I have lots of old machines that serve as file servers, web servers, etc etc etc.

That doesn't change the fact that at ONE time they were each desirable as a machine you'd actually like to use. This little machine they're trying to sell is too expensive, too unreliable, and too under powered.

Its got nothing to redeem it.

Re:Cute, but not $815 cute (0)

Anonymous Coward | about 7 months ago | (#46882045)

A Dell i5 desktop is $550. A $120 EVGA GeForce 750 will run on a 300 watt power supply (according to their specs). So, a $670 machine could beat this.

Small form-factors appeal to some users, but most people are probably better off with a typical system.

These PCs will always be playing catch-up (0)

Anonymous Coward | about 7 months ago | (#46876165)

The compromises required for these tiny boxes are always going to fall short of the latest and greatest technology a desktop PC has to offer. Even now a gaming laptop is no match for a gaming desktop, and I'd expect the same of such a mini-gaming rig. They'll be great for last-gen and indie games, and as a HTPC or emulation box, but don't expect the latest titles to run at full tilt.

Re:These PCs will always be playing catch-up (1)

91degrees (207121) | about 7 months ago | (#46876293)

One of the drawbacks of a desktop PC is that the standard form factor parts take up a lot more space than they need to. An expansion card can only go to a certain place. There's not a lot of choice with the PSU either. Motherboartds - even ITX ones have a minimum size.

Really the only components that actually take up significant space are the hard disk, PSU and the cooling system (for GPU and CPU). Chips themselves are tiny. If you look at the size of these on a competent rig they don't take up that much space.

Re:These PCs will always be playing catch-up (1)

thegarbz (1787294) | about 7 months ago | (#46876319)

My desktop has an mSATA SSD in it. It's always fun to confuse people who can't find the "harddrive".

In a system like this there's no reason to say a a harddisk takes up any kind of significant space at all. It's about the same size as the northbridge and without a heatsink.

Re:These PCs will always be playing catch-up (1)

91degrees (207121) | about 7 months ago | (#46876815)

True. I was basing my views on something more comparable with a typical machine (or are SSDs considered mid-high end these days?) but since an SSD has both performance and size advantages it makes sense to assume we'll use one.

CPU is fine (0)

Anonymous Coward | about 7 months ago | (#46876233)

I think the CPU is totally fine for gaming, though the price is quitehigh.

Mini gaming PCs (4, Insightful)

Roman Mamedov (793802) | about 7 months ago | (#46876313)

...are called the Playstation 4 and Xbox One.

Re:Mini gaming PCs (0)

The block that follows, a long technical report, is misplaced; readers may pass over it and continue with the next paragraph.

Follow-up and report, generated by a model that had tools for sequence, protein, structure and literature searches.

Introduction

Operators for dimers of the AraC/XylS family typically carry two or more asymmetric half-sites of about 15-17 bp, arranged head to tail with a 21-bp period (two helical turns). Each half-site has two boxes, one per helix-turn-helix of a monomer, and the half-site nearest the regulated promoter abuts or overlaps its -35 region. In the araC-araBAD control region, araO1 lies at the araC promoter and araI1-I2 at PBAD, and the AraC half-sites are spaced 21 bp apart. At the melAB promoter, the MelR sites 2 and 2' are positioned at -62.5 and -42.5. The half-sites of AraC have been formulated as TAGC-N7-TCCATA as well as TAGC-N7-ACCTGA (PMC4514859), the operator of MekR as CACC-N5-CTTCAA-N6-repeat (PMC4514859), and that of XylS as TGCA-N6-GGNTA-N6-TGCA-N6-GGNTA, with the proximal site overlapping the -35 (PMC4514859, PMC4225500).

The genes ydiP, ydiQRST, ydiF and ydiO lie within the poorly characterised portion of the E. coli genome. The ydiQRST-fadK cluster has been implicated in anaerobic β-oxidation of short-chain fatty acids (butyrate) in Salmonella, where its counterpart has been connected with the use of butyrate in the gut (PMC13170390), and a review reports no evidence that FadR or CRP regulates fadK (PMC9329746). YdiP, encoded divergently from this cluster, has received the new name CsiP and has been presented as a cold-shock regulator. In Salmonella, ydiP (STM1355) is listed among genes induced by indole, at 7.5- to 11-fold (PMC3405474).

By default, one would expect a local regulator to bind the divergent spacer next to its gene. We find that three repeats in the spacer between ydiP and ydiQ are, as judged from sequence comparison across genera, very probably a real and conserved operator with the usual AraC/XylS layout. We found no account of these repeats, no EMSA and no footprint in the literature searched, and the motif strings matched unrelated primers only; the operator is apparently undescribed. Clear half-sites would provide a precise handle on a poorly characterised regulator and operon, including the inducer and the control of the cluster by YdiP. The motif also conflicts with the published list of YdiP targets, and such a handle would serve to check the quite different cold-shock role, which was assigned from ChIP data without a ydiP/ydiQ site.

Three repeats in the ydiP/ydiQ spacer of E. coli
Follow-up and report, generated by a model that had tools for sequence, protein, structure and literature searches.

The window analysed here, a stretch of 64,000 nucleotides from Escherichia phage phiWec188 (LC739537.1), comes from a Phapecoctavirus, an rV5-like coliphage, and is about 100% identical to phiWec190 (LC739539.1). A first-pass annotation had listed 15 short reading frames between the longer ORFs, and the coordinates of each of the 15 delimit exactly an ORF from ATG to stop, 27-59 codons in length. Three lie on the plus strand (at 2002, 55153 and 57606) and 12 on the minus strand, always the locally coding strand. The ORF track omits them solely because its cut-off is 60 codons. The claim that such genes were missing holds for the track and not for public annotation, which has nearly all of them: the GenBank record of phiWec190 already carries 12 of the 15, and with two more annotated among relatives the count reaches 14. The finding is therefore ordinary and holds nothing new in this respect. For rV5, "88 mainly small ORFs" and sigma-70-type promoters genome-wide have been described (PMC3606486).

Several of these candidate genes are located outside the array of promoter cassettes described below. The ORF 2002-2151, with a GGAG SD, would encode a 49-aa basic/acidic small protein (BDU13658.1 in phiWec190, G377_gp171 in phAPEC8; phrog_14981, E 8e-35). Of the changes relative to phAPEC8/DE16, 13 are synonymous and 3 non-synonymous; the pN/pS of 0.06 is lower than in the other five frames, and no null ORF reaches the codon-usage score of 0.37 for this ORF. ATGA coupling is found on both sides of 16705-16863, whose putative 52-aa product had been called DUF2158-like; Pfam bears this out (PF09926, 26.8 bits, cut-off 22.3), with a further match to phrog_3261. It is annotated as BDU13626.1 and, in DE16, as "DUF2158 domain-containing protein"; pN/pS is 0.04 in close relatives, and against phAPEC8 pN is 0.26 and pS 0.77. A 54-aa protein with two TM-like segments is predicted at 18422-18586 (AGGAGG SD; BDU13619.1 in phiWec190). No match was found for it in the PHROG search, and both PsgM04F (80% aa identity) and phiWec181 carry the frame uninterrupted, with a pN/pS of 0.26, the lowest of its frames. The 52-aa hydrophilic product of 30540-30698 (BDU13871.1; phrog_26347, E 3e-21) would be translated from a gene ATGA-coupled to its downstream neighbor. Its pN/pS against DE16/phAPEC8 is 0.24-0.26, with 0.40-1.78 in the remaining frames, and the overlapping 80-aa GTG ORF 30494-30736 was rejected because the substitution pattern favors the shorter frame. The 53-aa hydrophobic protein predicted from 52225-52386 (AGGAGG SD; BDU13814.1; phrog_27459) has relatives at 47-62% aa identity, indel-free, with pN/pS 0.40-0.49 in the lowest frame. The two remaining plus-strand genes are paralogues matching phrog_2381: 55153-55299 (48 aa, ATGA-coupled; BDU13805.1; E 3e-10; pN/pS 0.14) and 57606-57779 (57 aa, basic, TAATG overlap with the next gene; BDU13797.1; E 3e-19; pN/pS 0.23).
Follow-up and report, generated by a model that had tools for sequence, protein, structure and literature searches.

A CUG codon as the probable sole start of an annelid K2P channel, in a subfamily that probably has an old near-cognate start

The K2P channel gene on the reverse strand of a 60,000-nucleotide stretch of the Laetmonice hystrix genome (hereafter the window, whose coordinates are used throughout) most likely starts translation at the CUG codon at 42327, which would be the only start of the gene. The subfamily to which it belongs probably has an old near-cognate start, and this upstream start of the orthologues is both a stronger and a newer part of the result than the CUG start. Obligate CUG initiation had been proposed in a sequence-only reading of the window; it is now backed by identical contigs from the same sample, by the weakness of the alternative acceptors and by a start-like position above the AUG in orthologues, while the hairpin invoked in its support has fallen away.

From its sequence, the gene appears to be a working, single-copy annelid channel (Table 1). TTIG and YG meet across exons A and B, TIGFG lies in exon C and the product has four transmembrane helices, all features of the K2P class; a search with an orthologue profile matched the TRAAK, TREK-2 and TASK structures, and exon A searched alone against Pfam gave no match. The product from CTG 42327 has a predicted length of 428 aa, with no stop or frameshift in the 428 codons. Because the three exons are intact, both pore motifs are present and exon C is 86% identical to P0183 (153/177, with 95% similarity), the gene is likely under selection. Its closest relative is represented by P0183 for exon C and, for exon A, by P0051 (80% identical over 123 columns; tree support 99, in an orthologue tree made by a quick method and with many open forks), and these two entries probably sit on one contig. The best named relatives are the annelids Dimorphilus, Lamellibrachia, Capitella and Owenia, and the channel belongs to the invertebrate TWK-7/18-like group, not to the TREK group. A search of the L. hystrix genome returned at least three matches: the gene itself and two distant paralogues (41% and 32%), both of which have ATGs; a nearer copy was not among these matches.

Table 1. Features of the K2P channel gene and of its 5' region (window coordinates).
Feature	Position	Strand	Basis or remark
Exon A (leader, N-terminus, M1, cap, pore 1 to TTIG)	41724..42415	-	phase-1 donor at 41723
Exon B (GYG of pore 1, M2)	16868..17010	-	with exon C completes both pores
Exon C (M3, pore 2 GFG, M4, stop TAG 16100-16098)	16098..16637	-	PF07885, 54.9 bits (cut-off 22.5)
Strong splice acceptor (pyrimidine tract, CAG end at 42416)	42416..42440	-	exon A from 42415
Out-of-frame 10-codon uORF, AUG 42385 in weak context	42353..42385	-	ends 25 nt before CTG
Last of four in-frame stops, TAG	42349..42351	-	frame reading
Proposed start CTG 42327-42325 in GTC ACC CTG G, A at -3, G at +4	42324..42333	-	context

Anonymous Coward | about 7 months ago | (#46876357)

No, those consoles are more like two years old PCs.

Re:Mini gaming PCs (1)

Sockatume (732728) | about 7 months ago | (#46876551)

Much as I like my home console, that Gigabyte machine is teeny-tiny in comparison. Of course by switching to an x86 architecture and benefitting from economies of scale in that whole business, hopefully the Xbox One and PS4 will be able to shrink down to a similar sort of size in time.

Re:Mini gaming PCs (0)

Mashiki (184564) | about 7 months ago | (#46876717)

And are still beat by a 2-3 year old PC. And your average $120-150 videocard has twice or more the rendering power of what's inside both machines. Building a "gaming PC" for $500 that can beat both consoles is trivial these days.

Re:Mini gaming PCs (0)

Anonymous Coward | about 7 months ago | (#46877119)

No, it isn't. It's much smaller. Just try to get this through your exceptionally thick head. "Lots of people don't want a huge tin box wasting space on or under their desk, and are prepared to sacrifice some 'performance' they most certainly will never need anyway to avoid that scenario."

Repeat until you get it.

Re:Mini gaming PCs (1)

arth1 (260657) | about 7 months ago | (#46877187)

"Most people" also don't want something incredibly noisy, which these small PCs are. A larger PC (or a games console) can dissipate heat without fans sounding like a hairdryer on steroids.

Re:Mini gaming PCs (1)

Mashiki (184564) | about 7 months ago | (#46881885)

That's pretty funny. I've got a mini tower sitting next to me, I'd say it's at about 44db at full load. But I guess that's "too noisy." After all, why would one not do your basic layout with fan flow, and use the basics of air pressure to cool something. Even if you're not so smart or don't know how to, there's enough guides out there.

Re:Mini gaming PCs (1)

arth1 (260657) | about 7 months ago | (#46883125)

That's pretty funny. I've got a mini tower sitting next to me, I'd say it's at about 44db at full load. But I guess that's "too noisy."

The dB value is not a measure of noise. For one thing, smaller fans generate higher pitched noise, which is far more noticeable than the lower pitched sound of larger fans.

After all, why would one not do your basic layout with fan flow, and use the basics of air pressure to cool something. Even if you're not so smart or don't know how to, there's enough guides out there.